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Sleeping Mat Project: Local group stitches with love

Oct 3rd, 2016 | Category: Community

by Carol Frey

Five women sit around a large conference table, plastic shopping bags and pieces of bags stacked all around. Barbara Jackson’s steady hands flatten and smooth a bag before her scissors slice it into strips. Irene Williams works beside her, cutting, looping the strips into a plastic version of yarn and rolling the ‘yarn’ into a large ball. At the other end of the table, Mary Downing wields a fat crochet needle, stitching the yarn into a six foot long, inch-thick sleeping mat that she’ll give to someone who is homeless. The mats are puffy to insulate the sleeper from wet, cold ground, their open-weave structure dries easily, and because they are plastic, they stay free of insects. Each mat has carrying loops and a waterproof tag so that the owners know the mats were made just for them.

Group member Mary Downing shows one of the mats made out of plastic bags. The plastic is cut into strips (below) and then crocheted. The finished mat includes carrying loops and a waterproof tag. PHOTOS BY CAROL FREY

Group member Mary Downing shows one of the mats made out of plastic bags. The plastic is cut into strips (below) and then crocheted. The finished mat includes carrying loops and a waterproof tag. PHOTOS BY CAROL FREY

The Sleeping Mat Project began this January when Maria Breznau, past coordinator for the Faith In Action committee at First United Methodist Church in Mount Vernon, began searching for a project that served the community but would not be as expensive as recent drives had been. She learned of volunteers in other states making sleeping mats from recycled shopping bags and brought the idea before the congregation. Service to the homeless is already a large part of First United Methodist’s outreach, and Sue Erickson said it got an immediate positive response.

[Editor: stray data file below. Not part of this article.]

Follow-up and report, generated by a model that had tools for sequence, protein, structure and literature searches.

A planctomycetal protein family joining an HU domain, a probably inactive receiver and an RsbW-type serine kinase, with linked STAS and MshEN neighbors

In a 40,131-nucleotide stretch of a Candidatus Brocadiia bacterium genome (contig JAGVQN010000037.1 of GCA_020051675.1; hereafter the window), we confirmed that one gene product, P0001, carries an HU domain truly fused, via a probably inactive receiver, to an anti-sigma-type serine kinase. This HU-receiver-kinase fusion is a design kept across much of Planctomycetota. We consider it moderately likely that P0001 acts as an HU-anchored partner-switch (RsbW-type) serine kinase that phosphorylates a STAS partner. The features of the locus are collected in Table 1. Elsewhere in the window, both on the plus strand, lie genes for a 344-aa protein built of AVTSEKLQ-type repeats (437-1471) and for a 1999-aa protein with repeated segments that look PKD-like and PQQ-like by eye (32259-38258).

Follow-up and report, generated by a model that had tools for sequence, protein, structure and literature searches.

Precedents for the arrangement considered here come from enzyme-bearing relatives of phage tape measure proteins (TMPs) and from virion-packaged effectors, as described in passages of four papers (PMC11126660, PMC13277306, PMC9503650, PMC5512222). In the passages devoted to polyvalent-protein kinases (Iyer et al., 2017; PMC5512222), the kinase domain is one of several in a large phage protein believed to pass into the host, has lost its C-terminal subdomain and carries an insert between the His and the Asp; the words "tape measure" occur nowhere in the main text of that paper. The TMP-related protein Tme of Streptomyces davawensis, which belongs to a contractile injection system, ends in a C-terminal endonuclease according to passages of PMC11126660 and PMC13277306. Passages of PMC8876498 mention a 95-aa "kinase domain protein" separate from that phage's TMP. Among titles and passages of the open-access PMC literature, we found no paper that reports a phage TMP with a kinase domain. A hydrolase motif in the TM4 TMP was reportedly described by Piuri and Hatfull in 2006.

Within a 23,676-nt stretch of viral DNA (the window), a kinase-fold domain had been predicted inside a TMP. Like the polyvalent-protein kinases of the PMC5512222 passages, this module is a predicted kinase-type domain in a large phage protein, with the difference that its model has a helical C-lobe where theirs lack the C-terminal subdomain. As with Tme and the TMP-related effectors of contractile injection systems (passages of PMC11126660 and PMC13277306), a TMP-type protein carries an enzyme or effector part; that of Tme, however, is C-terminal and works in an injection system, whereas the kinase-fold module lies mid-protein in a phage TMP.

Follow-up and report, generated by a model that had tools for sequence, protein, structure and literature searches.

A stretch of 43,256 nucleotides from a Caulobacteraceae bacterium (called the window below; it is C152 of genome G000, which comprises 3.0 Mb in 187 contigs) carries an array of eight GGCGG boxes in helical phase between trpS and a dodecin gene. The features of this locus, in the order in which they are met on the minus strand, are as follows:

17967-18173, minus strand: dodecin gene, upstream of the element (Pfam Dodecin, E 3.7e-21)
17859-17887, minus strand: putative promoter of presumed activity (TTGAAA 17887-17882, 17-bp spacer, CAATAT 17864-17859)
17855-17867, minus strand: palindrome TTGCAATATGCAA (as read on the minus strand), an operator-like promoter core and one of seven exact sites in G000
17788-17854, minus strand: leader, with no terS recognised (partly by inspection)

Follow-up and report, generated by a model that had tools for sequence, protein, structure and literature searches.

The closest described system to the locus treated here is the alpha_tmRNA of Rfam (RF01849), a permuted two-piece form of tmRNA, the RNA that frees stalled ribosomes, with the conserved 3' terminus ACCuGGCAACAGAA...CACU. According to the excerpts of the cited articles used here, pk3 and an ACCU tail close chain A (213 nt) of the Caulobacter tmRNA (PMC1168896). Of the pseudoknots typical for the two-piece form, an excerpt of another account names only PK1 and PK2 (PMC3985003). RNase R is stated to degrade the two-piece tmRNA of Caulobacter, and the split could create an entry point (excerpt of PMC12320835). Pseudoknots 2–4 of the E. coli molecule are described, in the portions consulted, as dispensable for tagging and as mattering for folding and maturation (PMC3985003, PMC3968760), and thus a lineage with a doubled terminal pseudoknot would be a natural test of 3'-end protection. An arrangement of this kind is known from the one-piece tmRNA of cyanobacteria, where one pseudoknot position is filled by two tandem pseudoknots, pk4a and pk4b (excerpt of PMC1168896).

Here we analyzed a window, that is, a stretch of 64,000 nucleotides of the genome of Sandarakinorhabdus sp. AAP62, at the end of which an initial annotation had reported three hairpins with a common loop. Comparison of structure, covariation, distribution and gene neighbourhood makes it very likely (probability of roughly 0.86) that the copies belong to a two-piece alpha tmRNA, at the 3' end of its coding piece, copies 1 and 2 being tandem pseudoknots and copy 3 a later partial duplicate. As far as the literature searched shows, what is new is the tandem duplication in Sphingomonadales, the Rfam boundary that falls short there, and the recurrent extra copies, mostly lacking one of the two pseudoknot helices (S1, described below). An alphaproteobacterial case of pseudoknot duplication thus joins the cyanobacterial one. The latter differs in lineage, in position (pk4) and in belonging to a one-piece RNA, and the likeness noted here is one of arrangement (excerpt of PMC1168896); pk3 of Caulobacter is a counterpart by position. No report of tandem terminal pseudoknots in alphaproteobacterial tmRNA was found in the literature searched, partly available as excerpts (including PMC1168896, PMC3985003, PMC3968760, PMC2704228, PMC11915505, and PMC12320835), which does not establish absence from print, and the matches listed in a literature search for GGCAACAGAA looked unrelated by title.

“This young man,” Mary holds up a photograph, “just showed up with an entire van, full. The entire back was full of bags.” One school held a plastic bag drive; the students collected about 1,000. “It hit a response in everybody.”  Barbara said.

Demand for their work is greater than the group can supply. Early on, Mary called around to see who might be interested in receiving the mats. One agency called back and asked for 20, right away. “Twenty!” Irene repeated, still incredulous.

Each mat they make takes 600 to 800 bags and many hours of work. When asked how long it takes to complete just one, the women’s responses varied.

“It depends on whether I do crossword puzzles or crochet,” Irene answered.

Sue claimed that Mary finishes one a week. “No I don’t,” Mary said, “they’re hard on your shoulders.”leeping mat project 2 web

“They’re heavy!” declared Irene, who just turned 96.

Barbara agrees. “I ended up with a really sore shoulder. I’m mostly a cutter now.”

One point they all agree on: the work is rewarding, especially on delivery days. At the first delivery, a young homeless man came out of the agency to help bring the mats in. As soon as he saw them he became very excited, according to Barbara. “He took one of those right away with great joy,’ she said, her own eyes shining. Another time, a different young man visiting the church saw a completed mat that was already pledged to a recipient. He wanted it so much that Mary went home and finished one as fast as she could. Altogether, they’ve delivered about 15 mats since the project began.

The group is open to additional help and volunteers of all kinds. Mary said that some people bring bags, others cut bags, others crochet them and still others make tags. Sometimes they arrive at the church to find bags full of shopping bags sitting at the door, quietly donated after hours by someone in the community.

The current FIA chair once remarked that it sure would be nice if there was a machine that could crochet the mats, so that the women didn’t have to put so many hours into making them. Mary couldn’t disagree more. “I put a lot of love in those stitches!” she said.leeping mat project 3 web

As the meeting breaks up, unusable scraps are bagged for recycling, cut sections are folded, sorted by color and neatly lined up in a box. Mary rolls up the mats. Some are ready for delivery but others will go home with the women so that they can continue their work, every stitch a tiny act of caring cast into a sea of need.

To make donations

People interested in helping with the project or donating bags can contact Mary Downing at (360) 428-8942 or at


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